The Importance Family Therapy Plays in a Successful Recovery
In the past, it was common for someone in recovery for drugs or alcohol to receive treatment individually, often removed from their home, community, and family. However, more recent research findings have shifted our approach towards a more integrated treatment that not only focuses on the individual but their family environment as well.
Treating the addict is only the first step in the overall healing process.
Everyone in an addicted family system needs to participate in the treatment process. Most treatment programs only teach the family how to deal with their addicted loved one, not how to heal themselves. Family members must learn new ways to cope with stress and address their individual issues or needs in order to heal as a unit with their recovering loved one. When the family is left untreated, the addict in residential or outpatient treatment will return to the same stressful, unhealthy, dysfunctional environment, making their future relapse more likely.
This article reviews approaches families can take when working with a systemic addiction issue. We’ll look at the benefits of family therapy, and outline what you can expect. Finally, we invite your questions about going to family therapy at the end.
An Overview of Family Therapy
The general term “family therapy” refers to a group of treatment styles which target the familial group (or that of any close social supports) rather than just the individual addict. All of the various treatment styles assume that families are connected, and that by modifying even just one part of the whole you can beneficially affect the other parts. What this concept means is that the mental condition of a family can play a big role in a successful recovery.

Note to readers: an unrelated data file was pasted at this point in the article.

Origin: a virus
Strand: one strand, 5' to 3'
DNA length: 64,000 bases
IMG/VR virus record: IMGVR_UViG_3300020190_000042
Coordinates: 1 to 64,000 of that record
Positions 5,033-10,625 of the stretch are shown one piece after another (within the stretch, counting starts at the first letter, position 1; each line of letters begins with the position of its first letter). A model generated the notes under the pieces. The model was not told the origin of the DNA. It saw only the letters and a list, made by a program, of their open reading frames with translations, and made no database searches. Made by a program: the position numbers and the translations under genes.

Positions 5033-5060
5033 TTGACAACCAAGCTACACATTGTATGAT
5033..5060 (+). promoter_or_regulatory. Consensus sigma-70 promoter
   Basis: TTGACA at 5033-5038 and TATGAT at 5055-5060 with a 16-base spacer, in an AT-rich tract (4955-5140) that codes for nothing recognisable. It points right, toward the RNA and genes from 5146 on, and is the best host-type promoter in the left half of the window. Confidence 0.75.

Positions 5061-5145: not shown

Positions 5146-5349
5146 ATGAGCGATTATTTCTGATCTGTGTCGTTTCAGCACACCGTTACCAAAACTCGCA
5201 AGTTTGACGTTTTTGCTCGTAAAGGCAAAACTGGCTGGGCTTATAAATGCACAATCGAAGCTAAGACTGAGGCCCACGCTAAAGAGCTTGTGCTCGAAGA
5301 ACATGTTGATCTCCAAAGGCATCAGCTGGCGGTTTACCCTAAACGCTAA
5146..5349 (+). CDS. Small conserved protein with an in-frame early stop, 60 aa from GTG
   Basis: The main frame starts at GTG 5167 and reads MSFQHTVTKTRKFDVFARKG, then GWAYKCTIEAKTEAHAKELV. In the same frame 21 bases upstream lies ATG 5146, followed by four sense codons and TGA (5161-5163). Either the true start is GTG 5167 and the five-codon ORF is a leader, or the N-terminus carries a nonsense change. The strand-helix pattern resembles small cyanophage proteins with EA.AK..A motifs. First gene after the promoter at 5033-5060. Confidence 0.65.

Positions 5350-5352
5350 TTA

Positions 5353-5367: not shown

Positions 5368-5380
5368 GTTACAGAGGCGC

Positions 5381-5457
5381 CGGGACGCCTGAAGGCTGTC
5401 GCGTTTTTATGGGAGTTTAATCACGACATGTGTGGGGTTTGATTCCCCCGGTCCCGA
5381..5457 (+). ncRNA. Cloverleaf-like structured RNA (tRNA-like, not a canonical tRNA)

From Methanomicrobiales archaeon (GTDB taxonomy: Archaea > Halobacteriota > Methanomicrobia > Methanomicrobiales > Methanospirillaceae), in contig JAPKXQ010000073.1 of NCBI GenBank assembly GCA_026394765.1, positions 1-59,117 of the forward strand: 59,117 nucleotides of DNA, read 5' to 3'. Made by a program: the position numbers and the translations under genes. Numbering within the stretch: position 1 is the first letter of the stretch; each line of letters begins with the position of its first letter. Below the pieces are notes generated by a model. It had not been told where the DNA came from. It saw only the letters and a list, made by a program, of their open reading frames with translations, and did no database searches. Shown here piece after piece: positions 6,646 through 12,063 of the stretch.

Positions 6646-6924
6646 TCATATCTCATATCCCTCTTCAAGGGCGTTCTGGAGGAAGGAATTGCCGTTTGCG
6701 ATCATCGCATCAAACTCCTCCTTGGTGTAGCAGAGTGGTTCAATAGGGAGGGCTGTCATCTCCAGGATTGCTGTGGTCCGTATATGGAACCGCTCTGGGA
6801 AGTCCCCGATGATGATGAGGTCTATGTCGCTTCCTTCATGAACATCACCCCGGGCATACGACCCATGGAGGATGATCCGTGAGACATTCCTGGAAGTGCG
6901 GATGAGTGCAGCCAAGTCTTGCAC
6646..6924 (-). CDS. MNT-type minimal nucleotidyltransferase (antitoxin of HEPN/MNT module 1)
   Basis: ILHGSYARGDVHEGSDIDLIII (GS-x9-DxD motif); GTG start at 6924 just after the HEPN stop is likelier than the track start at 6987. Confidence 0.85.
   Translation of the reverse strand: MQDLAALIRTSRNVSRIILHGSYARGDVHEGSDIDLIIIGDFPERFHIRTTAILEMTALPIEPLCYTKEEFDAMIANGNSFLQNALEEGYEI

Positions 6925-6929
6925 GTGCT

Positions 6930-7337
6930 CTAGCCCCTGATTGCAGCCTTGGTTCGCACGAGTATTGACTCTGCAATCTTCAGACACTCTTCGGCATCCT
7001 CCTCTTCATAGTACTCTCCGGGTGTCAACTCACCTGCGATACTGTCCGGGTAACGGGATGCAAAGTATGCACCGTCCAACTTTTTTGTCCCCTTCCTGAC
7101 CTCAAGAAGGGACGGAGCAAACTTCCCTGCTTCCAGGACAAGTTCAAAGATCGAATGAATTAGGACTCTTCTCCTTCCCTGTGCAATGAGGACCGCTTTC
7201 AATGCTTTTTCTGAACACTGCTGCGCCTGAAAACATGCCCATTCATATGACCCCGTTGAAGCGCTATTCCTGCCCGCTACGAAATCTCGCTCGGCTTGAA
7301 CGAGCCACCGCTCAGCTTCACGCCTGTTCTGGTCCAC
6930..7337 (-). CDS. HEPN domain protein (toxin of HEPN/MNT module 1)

To properly treat drug and alcohol addiction, it’s important to realize that the effects of addiction are rarely limited to the addict themselves. All types of support systems, including:
…and even family can contribute to, perpetuate, and exacerbate a person’s addiction.
Yet, just as importantly, when any or all of these groups participate in a treatment program for a patient, they will dramatically increase the chances of successful long-term sobriety. Examples of issues which may be addressed in a family therapy session include parenting skills, abuse, depression, family conflict/communication styles and employment issues.
Why Family Group Therapy Matters for a Successful Recovery
It’s important to understand that in most cases, the person with the addiction isn’t the only one who needs help. Patients who are addicted to drugs or alcohol often suffer from a wide range of psychiatric disorders, including:
- Bipolar disorder